Farm groups are among the dozens of industry trade associations expressing concern that the Environmental Protection Agency will try to retain broad authority to regulate discharges into non-navigable waters despite a recent Supreme Court ruling. 

Courtney Briggs, a director of government affairs at the American Farm Bureau Federation who chairs the Waters Advocacy Coalition, which represents a wide variety of industry groups, said they are concerned about EPA’s stated intention to conduct a “surgical fix” of the Biden administration's rule redefining the jurisdiction of the Clean Water Act.    

The Supreme Court decision found that wetlands on the property of Michael and Chantell Sackett were not “adjacent” to navigable waters and therefore, beyond the EPA and Army Corps of Engineers’ jurisdiction under the Clean Water Act. In order to be considered “adjacent wetlands” under the CWA, they must be “indistinguishable” from waters of the U.S., the court said.  

The Biden administration’s “waters of the U.S.,” or WOTUS, rule was not technically at issue in the case, but it relies on a “significant nexus” test that had been used since it was crafted by former Justice Anthony Kennedy in a 2006 case. 

A “significant nexus” is defined as when “wetlands, either alone or in combination with similarly situated lands in the region, significantly affect the chemical, physical, and biological integrity’” of WOTUS.

EPA and the Corps said they would reissue a new rule by Sept. 1, but without asking for public comment. They are using the “good cause” exception under the Administrative Procedure Act, which allows an agency to forgo public comments if it has good cause to believe it is "impracticable, unnecessary, or contrary to the public interest.”

“We are kind of afraid that they're going to use the 2023 WOTUS rule as the base text, and then go in and simply strike ‘significant nexus’, slightly, alter the definition of adjacency, and then put that out in the Federal Register and say, ‘well, it complies with Sackett,’” said Adam Pugh, program manager for environmental policy at the National Association of Home Builders, a member of the Waters Advocacy Coalition.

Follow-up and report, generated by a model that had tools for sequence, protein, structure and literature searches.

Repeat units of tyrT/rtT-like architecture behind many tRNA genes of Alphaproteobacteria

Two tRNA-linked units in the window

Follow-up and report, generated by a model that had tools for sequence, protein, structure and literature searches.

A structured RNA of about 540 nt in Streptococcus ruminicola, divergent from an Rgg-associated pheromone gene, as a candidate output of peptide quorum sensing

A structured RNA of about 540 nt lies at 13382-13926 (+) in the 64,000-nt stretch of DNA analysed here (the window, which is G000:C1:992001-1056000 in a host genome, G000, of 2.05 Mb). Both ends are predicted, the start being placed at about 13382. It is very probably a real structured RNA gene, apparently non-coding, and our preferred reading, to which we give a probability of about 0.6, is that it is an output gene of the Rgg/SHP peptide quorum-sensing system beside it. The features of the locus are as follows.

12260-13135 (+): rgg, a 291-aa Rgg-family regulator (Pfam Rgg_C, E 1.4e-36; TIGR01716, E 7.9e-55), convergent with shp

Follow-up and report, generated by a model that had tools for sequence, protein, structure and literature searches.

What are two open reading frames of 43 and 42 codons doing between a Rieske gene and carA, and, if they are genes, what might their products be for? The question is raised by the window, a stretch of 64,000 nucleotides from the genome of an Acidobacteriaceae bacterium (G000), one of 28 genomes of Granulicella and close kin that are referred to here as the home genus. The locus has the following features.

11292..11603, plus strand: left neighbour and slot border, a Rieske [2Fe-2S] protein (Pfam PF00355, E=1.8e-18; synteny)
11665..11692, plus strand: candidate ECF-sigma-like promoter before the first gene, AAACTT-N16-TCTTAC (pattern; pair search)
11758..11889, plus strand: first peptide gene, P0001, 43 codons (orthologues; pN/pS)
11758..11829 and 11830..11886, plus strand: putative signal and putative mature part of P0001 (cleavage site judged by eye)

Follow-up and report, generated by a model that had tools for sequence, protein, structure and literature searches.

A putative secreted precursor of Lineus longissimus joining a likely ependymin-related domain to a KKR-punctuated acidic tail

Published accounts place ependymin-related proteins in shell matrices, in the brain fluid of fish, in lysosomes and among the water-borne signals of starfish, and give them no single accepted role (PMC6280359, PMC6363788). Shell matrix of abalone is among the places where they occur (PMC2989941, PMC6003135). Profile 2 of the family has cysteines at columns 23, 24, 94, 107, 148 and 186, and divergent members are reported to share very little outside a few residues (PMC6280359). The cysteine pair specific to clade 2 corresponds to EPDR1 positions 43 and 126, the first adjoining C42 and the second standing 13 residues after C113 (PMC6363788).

In a July 24 letter to EPA and the Corps, the Waters Advocacy Coalition said the standard going forward should be the test articulated by late Justice Antonin Scalia in the 2006 Rapanos plurality opinion, so called because it was endorsed by four judges.

Justice Samuel Alito, writing for the majority in Sackett, said “the Rapanos plurality was correct: the CWA’s use of ‘waters’ encompasses ‘only those relatively permanent, standing or continuously flowing bodies of water ‘forming geographic[al] features’ that are described in ordinary parlance as ‘streams, oceans, rivers, and lakes.’”

Adam Pugh headshot.jpgAdam Pugh, National Association of Home Builders

“Sackett leaves no doubt that the Rapanos plurality’s test for jurisdiction, as further clarified by the Sackett majority, governs moving forward,” the Waters Advocacy Coalition said in its July 24 letter.

Environmental groups said after the Sackett decision came out that half the nation’s approximately 100 million acres of wetlands are now at risk. The groups criticized Alito and the majority for ignoring the scientific underpinning of the “significant nexus” test.

“The majority’s decision is terrible news for those who care about clean water,” said Kirti Datla, director of strategic legal advocacy at Earthjustice, a nonprofit environmental law firm. “You’ll hear people say, ‘Things will be fine! States will step up!’ No. Nearly half of states borrow the CWA definition, so anything that isn’t a WOTUS isn’t protected.”

Pugh said Alito's opinion makes it clear that "biological impacts are out and chemical impacts are out. So, I think it is very clear that moving forward you need that direct physical connection” to demonstrate jurisdiction.

Another concern of the industry groups is the Army Corps of Engineers’ decision to halt work on issuing wetlands jurisdictional determinations or issuing permits for “approved jurisdictional determinations” of wetlands that were made relying on the Trump administration’s now-defunct 2020 Navigable Waters Protection Rule, which the Biden administration replaced.